I drive past the new section of the freeway by I-10 and Prince every morning, on my way to work. I'm Tohono O'odham and I was very interested to see that there is what I thought was a Tohono O'odham Basket Dancer, but which is listed as a Basket Weaver on the ADOT website. Aside from it deviating from the theme of the other panels (a folklorico dancer, a mariachi musician and a ceremonial, Yaqui deer dancer) I've spotted a very, very, embarrassing issue that I hope can be immediately addressed.
The Basket Weaver's image is larger than the other panels, and there is a drainage pipe placed very unfortunately between the woman's thighs. It is clearly visible from the freeway, and as soon as the monsoons come and there is an actual NEED for the drainage pipe due to rainwater, I believe that it will appear that this woman is peeing.
I am assuming that the image of the basket weaver was chosen to honor the Tohono O'odham people, so I am sure that you will be as horrified as I am, knowing that the elder in the image is unintentionally being disrespected.
I am requesting that you either move the drainage pipe off the woman's image or you replace the image accordingly.
-------------- (End of Email to ADOT) ------------------
At first, I thought this was a basketdancer, which fit into a theme that I thought was music and dancing, but their website listed this image as "Basket Woman" but is described in text above the image as "a Tohono O'odham basket weaver". In the picture, she is clearly using both hands to hold the basket, and isn't in the act of weaving.
You can view all four of the images that will be used in this project at:
Do you remember the song from Sesame Street about things that "aren't like the others"
"One of these things is not like the other,
one of these things just doesn't belong,
Can you tell which this is not like the others
By the time I finish my song?"
Sesame Street used to use shapes or colors. ADOT used an image of a woman who looks sad to even be there.
Photo taken from the Arizona Department of Transportation (ADOT) website:
ADOT says they had an Open to the Public meeting where these images were presented and supported. However, if you are using the representation of a specific people or tribe, how much effort is made to ensure that it is culturally appropriate? Were Tribal members specifically invited to this meeting? Or was it simply a roomful of people who didn't have anything better to do that day and honestly, could have been choosing between cacti and coyotes.
I think if you're using people, especially images that represent an entire tribe or group of people, an extra effort needs to be made.
Aren't there cultural consultants? In a state where there are 21 federally recognized tribes, where 27% of Arizona lands are considered "Indian Lands", isn't there a dude somewhere who calls people up and says, "Hey, we're thinking of using this piece of art in our next project, it's of an O'odham basket weaver, can I email you the photo so you can tell me what you think?"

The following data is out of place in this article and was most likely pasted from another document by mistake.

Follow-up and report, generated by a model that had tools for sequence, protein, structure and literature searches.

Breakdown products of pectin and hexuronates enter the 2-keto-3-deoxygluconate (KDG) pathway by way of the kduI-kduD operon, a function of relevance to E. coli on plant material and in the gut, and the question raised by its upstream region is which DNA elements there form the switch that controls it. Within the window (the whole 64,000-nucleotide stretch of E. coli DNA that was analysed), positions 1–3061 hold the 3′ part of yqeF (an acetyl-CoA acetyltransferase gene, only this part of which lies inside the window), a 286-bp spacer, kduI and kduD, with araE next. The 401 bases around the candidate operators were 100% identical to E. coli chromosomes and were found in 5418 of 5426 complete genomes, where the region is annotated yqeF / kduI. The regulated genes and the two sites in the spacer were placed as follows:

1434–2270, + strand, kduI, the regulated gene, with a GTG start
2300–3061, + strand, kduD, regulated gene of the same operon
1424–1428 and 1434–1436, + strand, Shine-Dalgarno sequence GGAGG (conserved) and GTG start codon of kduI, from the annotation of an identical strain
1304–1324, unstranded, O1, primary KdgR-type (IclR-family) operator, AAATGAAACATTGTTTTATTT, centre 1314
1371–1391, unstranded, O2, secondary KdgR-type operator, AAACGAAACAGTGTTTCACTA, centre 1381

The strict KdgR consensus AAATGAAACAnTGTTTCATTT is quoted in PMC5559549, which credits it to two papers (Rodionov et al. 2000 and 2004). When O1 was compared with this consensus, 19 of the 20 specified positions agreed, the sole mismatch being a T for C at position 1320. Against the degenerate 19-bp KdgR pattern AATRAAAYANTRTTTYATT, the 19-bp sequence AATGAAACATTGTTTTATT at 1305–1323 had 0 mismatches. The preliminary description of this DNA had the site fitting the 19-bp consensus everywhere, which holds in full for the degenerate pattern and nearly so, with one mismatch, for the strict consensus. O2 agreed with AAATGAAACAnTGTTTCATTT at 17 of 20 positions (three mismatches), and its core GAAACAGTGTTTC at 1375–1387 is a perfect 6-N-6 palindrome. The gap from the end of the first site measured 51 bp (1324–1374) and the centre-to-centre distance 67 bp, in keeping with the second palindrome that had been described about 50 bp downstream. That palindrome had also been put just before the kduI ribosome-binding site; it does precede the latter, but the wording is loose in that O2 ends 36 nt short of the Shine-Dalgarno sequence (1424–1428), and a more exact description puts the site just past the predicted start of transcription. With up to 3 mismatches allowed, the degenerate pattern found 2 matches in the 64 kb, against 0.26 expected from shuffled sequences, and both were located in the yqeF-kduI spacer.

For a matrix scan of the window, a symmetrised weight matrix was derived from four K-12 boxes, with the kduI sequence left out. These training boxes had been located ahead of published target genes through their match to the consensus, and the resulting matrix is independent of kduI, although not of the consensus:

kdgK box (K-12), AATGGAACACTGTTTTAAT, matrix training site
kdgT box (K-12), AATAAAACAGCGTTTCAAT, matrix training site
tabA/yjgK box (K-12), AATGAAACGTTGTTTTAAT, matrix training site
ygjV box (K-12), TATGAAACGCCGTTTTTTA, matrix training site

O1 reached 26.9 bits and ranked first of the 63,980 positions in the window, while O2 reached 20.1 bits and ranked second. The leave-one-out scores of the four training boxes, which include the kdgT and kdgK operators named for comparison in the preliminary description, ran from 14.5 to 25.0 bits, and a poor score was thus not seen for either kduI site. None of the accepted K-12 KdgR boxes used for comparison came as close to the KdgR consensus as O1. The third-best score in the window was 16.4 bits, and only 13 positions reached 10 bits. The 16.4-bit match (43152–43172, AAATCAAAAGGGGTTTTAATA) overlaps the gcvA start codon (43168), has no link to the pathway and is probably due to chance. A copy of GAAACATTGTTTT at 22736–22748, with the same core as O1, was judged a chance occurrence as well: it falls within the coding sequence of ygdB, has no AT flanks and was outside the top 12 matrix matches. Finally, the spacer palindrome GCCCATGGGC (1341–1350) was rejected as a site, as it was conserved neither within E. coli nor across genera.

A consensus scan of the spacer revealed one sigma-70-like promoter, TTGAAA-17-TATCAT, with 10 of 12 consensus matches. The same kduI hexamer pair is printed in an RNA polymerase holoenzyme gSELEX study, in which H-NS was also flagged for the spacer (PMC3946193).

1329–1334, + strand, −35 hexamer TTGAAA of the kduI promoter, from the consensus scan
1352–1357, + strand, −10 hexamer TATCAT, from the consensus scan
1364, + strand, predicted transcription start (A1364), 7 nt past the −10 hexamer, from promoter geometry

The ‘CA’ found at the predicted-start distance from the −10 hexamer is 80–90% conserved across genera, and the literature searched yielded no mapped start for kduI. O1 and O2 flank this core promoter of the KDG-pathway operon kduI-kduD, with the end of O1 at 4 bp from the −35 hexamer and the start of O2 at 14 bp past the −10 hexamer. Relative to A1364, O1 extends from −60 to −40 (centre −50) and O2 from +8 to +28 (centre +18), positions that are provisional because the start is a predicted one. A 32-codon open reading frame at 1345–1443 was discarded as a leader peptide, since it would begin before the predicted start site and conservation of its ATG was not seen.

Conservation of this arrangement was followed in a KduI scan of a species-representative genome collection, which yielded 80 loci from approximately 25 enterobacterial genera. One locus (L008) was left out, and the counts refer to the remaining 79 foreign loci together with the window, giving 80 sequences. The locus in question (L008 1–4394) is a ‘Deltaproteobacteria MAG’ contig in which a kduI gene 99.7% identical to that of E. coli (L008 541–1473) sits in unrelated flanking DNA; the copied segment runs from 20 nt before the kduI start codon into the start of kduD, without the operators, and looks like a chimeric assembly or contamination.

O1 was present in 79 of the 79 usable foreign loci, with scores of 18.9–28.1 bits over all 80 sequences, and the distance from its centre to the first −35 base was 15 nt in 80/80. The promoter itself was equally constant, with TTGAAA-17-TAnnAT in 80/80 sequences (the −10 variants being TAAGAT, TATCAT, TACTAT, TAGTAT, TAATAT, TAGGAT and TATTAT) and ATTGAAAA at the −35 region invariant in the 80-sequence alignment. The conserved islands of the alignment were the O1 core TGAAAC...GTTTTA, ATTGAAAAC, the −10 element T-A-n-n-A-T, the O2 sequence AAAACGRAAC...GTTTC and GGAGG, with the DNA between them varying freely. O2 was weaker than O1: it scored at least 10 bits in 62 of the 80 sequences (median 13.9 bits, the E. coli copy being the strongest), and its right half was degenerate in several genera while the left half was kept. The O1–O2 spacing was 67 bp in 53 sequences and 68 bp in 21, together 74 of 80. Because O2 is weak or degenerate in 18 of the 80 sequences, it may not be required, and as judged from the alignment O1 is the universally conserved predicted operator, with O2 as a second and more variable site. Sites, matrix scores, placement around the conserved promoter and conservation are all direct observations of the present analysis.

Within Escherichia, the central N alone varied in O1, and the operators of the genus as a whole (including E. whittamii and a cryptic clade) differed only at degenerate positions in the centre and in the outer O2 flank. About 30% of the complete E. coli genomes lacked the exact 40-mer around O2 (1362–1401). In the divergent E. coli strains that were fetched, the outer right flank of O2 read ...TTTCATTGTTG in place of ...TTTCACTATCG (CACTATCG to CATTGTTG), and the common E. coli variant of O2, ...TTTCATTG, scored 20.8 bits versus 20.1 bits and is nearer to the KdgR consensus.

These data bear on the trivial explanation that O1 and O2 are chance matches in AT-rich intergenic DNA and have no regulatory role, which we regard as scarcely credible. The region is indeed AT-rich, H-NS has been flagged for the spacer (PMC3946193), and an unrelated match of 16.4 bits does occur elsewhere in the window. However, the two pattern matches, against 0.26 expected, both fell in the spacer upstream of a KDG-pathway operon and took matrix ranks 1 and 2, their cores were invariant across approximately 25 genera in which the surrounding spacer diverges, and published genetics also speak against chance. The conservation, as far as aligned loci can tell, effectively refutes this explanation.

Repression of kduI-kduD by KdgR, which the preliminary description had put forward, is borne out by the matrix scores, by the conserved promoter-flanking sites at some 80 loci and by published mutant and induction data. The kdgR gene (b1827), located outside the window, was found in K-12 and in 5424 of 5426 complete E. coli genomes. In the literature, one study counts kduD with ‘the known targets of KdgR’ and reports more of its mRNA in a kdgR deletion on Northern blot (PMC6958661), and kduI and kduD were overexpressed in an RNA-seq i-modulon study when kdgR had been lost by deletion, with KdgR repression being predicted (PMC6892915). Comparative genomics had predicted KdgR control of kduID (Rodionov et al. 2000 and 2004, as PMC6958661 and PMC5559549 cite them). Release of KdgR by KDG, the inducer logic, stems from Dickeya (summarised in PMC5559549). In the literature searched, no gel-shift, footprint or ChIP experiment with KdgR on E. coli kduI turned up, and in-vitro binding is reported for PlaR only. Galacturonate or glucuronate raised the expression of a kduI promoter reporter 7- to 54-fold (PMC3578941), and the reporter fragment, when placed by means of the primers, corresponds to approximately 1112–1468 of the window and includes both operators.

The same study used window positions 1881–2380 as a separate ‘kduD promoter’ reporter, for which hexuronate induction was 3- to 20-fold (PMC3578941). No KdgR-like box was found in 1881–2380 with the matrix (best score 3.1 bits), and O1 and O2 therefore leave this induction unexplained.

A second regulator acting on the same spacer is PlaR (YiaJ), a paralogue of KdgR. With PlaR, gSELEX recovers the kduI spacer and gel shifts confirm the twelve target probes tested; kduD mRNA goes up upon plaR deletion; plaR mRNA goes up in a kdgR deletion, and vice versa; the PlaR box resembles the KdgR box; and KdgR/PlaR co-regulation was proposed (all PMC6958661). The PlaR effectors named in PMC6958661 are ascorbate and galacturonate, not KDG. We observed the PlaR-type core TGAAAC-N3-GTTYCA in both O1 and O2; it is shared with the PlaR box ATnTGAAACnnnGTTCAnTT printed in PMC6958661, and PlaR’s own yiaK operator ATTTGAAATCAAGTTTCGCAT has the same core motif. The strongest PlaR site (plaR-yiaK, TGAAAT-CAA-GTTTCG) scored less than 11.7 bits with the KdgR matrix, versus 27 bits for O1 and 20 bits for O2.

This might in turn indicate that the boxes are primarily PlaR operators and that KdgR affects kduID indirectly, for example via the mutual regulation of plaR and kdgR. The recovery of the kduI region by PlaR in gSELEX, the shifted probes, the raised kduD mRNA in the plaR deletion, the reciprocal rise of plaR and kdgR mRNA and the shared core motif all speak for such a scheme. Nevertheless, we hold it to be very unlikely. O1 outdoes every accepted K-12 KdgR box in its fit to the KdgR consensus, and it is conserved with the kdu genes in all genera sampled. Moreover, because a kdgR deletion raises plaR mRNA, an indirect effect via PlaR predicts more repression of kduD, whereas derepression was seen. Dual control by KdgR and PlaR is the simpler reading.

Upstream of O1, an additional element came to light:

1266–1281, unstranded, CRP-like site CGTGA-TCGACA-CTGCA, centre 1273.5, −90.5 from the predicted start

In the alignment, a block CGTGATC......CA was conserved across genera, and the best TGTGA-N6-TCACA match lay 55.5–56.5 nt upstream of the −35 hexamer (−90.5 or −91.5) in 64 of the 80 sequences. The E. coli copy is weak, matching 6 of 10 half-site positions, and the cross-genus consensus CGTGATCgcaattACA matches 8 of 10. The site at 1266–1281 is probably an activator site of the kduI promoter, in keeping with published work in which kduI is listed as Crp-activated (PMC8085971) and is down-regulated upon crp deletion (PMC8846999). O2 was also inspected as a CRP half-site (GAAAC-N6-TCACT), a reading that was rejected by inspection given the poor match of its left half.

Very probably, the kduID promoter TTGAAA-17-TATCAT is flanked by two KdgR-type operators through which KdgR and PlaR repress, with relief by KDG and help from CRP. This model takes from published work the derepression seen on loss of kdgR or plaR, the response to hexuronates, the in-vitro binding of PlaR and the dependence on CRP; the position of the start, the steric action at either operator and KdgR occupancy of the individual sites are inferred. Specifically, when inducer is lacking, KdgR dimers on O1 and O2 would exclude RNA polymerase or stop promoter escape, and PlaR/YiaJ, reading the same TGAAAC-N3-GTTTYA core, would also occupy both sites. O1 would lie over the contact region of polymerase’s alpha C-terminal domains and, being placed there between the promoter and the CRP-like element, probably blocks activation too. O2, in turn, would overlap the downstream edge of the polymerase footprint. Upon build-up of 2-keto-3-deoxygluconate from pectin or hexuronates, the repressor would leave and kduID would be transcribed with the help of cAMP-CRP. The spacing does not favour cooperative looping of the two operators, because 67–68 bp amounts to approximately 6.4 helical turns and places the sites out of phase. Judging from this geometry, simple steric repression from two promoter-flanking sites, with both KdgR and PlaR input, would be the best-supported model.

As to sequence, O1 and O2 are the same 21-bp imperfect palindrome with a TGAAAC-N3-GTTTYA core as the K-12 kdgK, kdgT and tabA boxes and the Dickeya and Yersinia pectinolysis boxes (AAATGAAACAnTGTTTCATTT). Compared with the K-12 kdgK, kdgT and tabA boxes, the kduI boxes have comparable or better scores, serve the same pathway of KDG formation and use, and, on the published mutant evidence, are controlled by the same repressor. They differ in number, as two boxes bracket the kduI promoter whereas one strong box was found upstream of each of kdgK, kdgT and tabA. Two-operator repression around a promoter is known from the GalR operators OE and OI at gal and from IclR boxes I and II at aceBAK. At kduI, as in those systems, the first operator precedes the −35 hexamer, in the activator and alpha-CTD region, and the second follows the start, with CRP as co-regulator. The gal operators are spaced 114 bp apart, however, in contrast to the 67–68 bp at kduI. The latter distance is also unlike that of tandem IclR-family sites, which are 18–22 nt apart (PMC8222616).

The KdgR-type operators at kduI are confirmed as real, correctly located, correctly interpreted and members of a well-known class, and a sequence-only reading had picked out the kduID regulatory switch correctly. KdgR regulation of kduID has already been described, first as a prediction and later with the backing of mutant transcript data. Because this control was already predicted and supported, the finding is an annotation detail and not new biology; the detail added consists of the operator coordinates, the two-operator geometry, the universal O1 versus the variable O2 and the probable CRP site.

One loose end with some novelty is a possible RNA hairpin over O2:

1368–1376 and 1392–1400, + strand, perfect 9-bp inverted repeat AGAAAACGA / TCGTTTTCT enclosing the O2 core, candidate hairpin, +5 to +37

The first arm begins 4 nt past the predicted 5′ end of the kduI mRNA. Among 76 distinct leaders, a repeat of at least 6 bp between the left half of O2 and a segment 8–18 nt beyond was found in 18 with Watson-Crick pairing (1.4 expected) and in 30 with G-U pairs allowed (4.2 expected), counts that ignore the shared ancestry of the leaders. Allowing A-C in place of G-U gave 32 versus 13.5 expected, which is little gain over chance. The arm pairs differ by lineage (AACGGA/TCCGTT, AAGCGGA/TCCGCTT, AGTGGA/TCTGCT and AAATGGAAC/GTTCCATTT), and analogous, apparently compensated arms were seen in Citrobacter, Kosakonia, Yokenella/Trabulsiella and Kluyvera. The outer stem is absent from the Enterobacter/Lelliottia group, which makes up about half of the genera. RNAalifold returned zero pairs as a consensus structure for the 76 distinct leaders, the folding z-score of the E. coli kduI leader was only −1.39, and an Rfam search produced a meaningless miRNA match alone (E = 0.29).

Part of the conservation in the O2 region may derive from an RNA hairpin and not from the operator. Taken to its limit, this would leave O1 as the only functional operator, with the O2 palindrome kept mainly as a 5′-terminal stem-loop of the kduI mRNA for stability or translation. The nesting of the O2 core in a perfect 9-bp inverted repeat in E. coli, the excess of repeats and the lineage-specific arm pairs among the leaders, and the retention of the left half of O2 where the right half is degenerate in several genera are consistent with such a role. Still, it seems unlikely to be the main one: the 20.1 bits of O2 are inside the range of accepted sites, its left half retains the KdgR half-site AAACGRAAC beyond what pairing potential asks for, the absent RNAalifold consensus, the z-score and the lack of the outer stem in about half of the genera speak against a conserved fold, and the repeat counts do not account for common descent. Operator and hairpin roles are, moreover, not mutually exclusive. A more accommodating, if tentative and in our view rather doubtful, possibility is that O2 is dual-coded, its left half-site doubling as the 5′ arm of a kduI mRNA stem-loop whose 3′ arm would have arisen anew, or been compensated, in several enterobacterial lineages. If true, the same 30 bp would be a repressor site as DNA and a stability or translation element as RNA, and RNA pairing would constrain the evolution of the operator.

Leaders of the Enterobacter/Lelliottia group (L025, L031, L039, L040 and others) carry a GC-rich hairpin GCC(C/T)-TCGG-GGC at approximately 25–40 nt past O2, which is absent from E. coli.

The Tohono O'odham Nation is just a phone call away.
Map taken from United States Environmental Protection Agency website
Arizona Tribal Lands and Reservations
Also, didn't the contruction workers who installed the drainage pipe realize it was inappropriately placed? Did they find it funny?
The more I think about this, the angrier I get.
If you're interested in contacting ADOT to share your opinions (even if they differ from mine), here is a link to their contact page: http://www.azdot.gov/Index_Docs/contact_ADOT.asp
You can also sign up for "weekly updates", which I already have, just in case they want to have another meeting where they have out-of-state retirees are choosing what the rest of the United States sees as they zoom through our state.
I received these responses yesterday:
By 4pm, that same day, this issue was taken care of.
I would like to thank the Arizona Department of Transportation for their prompt and swift actions and I hope in the future we can avoid any embarassing conversations like these.
I am glad that the basketweaver's image has been restored to its intended form.
I also want to clarify that I am glad that Tohono O'odham imagery was used for public art. I always appreciate the acknowledgement and celebration of our people on none reservation land. The O'odham have noticed and we're talking about it. It means something to us. It's special.
My main issue was the unfortunate and unintended placing of the weep hole.
I would like to think the image is simply mislabeled on the ADOT website, and that this isn't just a weaver, but a basket dancer, (of course, I've never seen the original image the art was based on) but it fits the theme that I felt they were going for, either intentionally or unintentionally so I'll just let that woman dance with her basket, inside my head.